NEW YORK (Sep. 27)
A month after Hurricane Katrina hit the Gulf Coast, Jewish institutions in the region, from synagogues to schools to community centers, are still struggling to assess the nature of the damage to their buildings and the cost of repairing or rebuilding them. “There’s no way of knowing any costs at this point,” said Arlene Barron, executive director of the New Orleans JCC. “It’s very frustrating, it’s very tough, because it’s all moving so slowly. In New Orleans we haven’t even been allowed back in yet, really.”
Part of the problem, say Jewish community officials, is that insurance adjustors, who are overwhelmed dealing with numerous claims in the storm’s aftermath, don’t put institutions on their to-do lists until the areas where they are located are re-opened.
As such, some organizations are simply stuck waiting for adjustors to inspect their buildings. In the meantime, some organizations are taking small steps to help minimize the damage.
At the Chabad Jewish Center in Metarie, La., a clean-up crew went in last week and pulled out sheet rock and insulation to staunch the spread of mold in the synagogue building, which took in about two feet of water during Katrina.
The Goldring-Woldenberg Jewish Community Campus in Metarie, La., which houses the suburban branch of the JCC, the Jewish Federation of Greater New Orleans and the New Orleans Jewish Day School, took about eight inches of water on its first floor in Katrina.
Eric Stillman, the federation’s executive director, said that following the storm, an insurance agent told Jewish officials that it would be alright for them to perform some immediate tasks to prevent the spread of mold: they restarted the building’s air conditioning and sheet rock and wall coverings were torn out on the first floor. In addition, furniture and some flooring materials were removed.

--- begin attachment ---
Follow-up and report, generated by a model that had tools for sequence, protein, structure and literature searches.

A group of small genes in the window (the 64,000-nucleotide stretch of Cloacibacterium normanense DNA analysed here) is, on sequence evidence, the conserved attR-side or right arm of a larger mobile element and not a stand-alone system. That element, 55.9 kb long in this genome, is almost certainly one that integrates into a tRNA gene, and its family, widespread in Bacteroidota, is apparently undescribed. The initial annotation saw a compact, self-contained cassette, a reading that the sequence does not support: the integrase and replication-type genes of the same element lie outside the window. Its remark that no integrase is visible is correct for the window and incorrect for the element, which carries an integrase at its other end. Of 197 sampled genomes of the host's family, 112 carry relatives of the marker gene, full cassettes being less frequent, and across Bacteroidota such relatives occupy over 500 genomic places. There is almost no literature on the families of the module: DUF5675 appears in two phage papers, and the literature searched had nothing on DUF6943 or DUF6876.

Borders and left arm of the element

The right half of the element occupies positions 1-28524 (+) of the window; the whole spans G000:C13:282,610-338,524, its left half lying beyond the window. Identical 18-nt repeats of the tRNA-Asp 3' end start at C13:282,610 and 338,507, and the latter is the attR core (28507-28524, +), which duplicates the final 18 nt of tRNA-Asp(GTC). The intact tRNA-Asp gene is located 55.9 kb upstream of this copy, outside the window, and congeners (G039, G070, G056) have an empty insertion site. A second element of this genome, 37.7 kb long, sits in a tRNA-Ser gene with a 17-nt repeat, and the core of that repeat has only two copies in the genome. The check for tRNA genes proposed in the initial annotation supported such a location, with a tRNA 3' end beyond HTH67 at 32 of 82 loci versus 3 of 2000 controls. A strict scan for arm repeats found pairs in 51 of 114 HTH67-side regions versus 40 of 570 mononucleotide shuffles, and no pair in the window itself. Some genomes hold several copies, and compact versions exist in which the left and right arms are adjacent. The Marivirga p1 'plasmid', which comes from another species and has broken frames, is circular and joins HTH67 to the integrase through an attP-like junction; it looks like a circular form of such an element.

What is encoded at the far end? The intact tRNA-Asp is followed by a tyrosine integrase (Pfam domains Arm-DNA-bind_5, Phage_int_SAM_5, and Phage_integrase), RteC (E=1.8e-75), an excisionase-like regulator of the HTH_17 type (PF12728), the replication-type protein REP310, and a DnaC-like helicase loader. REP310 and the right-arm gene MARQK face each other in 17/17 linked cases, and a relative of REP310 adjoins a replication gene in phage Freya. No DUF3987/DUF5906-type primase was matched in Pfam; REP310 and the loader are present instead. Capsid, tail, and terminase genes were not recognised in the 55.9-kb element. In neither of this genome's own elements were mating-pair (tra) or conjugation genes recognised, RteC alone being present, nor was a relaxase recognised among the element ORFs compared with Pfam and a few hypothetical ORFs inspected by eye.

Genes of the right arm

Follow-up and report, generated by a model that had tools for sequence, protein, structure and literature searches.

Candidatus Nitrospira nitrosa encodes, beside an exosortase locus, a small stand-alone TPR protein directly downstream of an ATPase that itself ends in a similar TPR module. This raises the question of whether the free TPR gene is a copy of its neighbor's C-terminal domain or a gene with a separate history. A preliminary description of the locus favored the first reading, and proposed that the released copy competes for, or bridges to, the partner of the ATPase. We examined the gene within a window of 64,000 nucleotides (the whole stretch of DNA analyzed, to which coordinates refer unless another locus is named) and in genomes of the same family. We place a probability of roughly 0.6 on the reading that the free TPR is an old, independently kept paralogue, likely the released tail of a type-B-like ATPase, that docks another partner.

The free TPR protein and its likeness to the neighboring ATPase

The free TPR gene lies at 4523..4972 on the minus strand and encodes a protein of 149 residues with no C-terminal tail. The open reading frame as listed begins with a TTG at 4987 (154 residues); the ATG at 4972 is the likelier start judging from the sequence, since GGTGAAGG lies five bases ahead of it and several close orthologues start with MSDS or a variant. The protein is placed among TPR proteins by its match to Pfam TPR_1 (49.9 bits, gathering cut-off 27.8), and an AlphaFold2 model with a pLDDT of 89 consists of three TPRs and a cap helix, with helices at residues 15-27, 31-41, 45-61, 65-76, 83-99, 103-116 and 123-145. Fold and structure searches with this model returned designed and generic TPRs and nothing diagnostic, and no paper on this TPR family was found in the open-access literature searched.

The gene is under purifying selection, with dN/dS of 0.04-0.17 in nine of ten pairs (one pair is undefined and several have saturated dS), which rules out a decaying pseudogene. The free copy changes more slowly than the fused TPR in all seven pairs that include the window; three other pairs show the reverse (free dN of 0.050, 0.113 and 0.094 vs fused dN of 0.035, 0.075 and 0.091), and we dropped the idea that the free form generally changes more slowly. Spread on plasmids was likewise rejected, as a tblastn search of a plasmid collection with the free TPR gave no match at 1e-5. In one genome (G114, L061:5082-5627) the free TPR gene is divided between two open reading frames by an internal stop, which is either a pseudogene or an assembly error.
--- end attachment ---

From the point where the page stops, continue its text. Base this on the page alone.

Meanwhile, synagogues throughout the area were busy trying to figure out not only how badly their facilities had been damaged, but where their congregants will be praying as the High Holidays approach.
Several Torah scrolls that had been hustled out of New Orleans for protection were evacuated for a second time in Rita’s aftermath when rain waters overwhelmed the roof drainage system at Beth Shalom, a Reform synagogue in Baton Rouge, La.
“They had to re-rescue the Torahs that had already been rescued once,” said Emily Grotta, a spokeswoman for the Union for Reform Judaism.
Although the Torahs were unharmed, the synagogue’s ceiling was badly damaged, leading to flooding in both its sanctuary and social hall. The Jefferson Baptist Church, with which the synagogue shares a parking lot, recently opened its doors to allow the congregation to hold its services there.
Other Reform synagogues were hit as well. Congregation Gates of Prayer in Metarie had its sanctuary flooded in Katrina and continues to operate out of Temple Emanu-El in Houston, where many Jewish evacuees took refuge in the wake of Katrina.
Although New Orleans’ Temple Sinai is itself in working order, so many of its congregants lost their homes that it will not be holding High Holiday services.
Its spiritual leader, Rabbi Edward Cohn, will instead be serving as interim rabbi over the holiday at Baton Rouge’s B’nai Israel, which recently put its rabbi — who had spearheaded its effort to house dozens of hurricane evacuees — on administrative leave.
The Northshore Jewish Congregation Mandeville, La., has been holding services in a parking lot since the first storm, and is still hoping to be back in the building by Rosh Hashanah. In the meantime, synagogue officials are awaiting a damage report from building inspectors.
The historic Touro Synagogue, which bills itself as the oldest Jewish congregation outside of the original 13 colonies, sustained minimal damage, but the area where it is located remains closed and the synagogue continues to operate out of Congregation Beth Israel in Houston.
High Holiday services for evacuees looking for Reform worship are being planned in both Houston and Baton Rouge.
In addition to the costs of renovating and rebuilding, synagogues are likely to be hard hit on another front. If the congregations are shut down for a good portion of the coming year, their members — many of whom are likely to be working to repair their homes — won’t be paying dues.
The Union for Reform Judaism, whose Disaster Relief Fund has raised close to $2.5 million dollars, has now made $765,000 in grants to disaster relief agencies, Jewish agencies and Reform synagogues.